"I can't believe it," said I, "for I know the two last noblemen to be both rich and generous. There must be some good reason for their conduct, since you are beautiful; and for these gentlemen beauty is a bill to be honoured on sight."
"Yes, there is a reason. These rich noblemen abandon us with contempt. They refuse to take pity on us because we refuse to yield to their guilty passion."
"That is to say, they have taken a fancy to you, and as you will not have pity on them they refuse to have pity on you. Is it not so?"
"That is exactly the situation."
"Then I think they are in the right."
"In the right?"
"Yes, I am quite of their opinion. We leave you to enjoy your sense of virtue, and we spend our money in procuring those favours which you refuse us. Your misfortune really is your prettiness, if you were ugly you would get twenty guineas fast enough. I would give you the money myself, and the action would be put down to benevolence; whereas, as the case stands, if I were to give you anything it would be thought that I was actuated by the hope of favours to come, and I should be laughed at, and deservedly, as a dupe."
I felt that this was the proper way to speak to the girl, whose eloquence in pleading her cause was simply wonderful.
She did not reply to my oration, and I asked her how she came to know me.
"I saw you at Richmond with the Charpillon."
"She cost me two thousand guineas, and I got nothing for my money; but I have profited by the lesson, and in future I shall never pay in advance."
Just then her mother called her, and, begging me to wait a moment, she went into her room, and returned almost directly with the request that I would come and speak to the invalid.
I found her sitting up in her bed; she looked about forty-five, and still preserved traces of her former beauty; her countenance bore the imprint of sadness, but had no marks of sickness whatsoever. Her brilliant and expressive eyes, her intellectual face, and a suggestion of craft about her, all bade me be on my guard, and a sort of false likeness to the Charpillon's mother made me still more cautious, and fortified me in my resolution to give no heed to the appeals of pity.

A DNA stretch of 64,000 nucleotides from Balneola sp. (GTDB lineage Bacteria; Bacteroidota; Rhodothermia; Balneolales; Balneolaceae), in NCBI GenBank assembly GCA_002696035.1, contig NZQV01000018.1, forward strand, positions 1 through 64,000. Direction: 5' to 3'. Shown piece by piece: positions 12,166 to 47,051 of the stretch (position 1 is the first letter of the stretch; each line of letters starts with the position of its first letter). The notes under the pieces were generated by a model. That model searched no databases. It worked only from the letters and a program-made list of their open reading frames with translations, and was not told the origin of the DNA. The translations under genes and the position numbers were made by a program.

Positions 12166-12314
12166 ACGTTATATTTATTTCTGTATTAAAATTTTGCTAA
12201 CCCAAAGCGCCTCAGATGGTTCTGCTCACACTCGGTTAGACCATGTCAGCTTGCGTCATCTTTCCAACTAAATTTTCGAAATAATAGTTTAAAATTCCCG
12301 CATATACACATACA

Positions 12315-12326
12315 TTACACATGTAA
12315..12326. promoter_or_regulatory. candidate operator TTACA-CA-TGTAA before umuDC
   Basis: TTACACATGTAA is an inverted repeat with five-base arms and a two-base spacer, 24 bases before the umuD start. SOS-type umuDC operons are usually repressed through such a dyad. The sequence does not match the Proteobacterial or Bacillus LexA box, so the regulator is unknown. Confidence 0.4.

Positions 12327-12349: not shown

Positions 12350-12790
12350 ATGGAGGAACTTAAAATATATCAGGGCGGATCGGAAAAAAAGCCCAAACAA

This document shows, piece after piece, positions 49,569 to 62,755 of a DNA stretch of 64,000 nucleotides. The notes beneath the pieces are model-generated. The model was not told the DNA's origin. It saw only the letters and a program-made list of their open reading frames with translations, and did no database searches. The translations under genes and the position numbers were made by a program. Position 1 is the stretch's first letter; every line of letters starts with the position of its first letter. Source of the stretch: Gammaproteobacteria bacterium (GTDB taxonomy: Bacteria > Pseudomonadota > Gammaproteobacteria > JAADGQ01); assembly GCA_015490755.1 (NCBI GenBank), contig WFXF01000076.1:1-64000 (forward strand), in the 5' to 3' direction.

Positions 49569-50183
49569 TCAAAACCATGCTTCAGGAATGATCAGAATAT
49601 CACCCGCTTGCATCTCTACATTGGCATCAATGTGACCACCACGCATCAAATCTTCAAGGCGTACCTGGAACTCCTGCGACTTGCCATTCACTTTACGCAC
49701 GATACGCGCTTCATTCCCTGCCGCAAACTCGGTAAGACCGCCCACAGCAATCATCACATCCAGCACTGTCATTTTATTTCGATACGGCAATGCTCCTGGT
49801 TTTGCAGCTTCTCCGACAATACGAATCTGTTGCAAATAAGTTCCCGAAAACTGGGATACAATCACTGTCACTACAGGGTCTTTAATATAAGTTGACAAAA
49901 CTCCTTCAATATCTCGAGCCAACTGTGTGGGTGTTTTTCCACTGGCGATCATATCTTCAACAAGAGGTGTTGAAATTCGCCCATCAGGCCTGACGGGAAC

"Madam," I began, "what can I do for you?"
"Sir," she replied, "I have heard the whole of your conversations with my daughters, and you must confess that you have not talked to them in a very fatherly manner."
"Quite so, but the only part which I desire to play with them is that of lover, and a fatherly style would not have been suitable to the part. If I had the happiness of being their father, the case would be altered. What I have said to your daughters is what I feel, and what I think most likely to bring about the end I have in view. I have not the slightest pretence to virtue, but I adore the fair sex, and now you and they know the road to my purse. If they wish to preserve their virtue, why let them; nobody will trouble them, and they, on their side, must not expect anything from men. Good-bye, madam; you may reckon on my never addressing your daughters again."
"Wait a moment, sir. My husband was the Count of ----, and you see that my daughters are of respectable birth."
"Have you not pity for our situation?"
"I pity you extremely, and I would relieve you in an instant if your daughters were ugly, but as it is they are pretty, and that alters the case."
"What an argument!"
"It is a very strong one with me, and I think I am the best judge of arguments which apply to myself. You want twenty guineas; well, you shall have them after one of your five countesses has spent a joyous night with me."
"What language to a woman of my station! Nobody has ever dared to speak to me in such a way before."
"Pardon me, but what use is rank without a halfpenny? Allow me to retire.
"To-day we have only bread to eat."
"Well, certainly that is rather hard on countesses."
"You are laughing at the title, apparently."
"Yes, I am; but I don't want to offend you.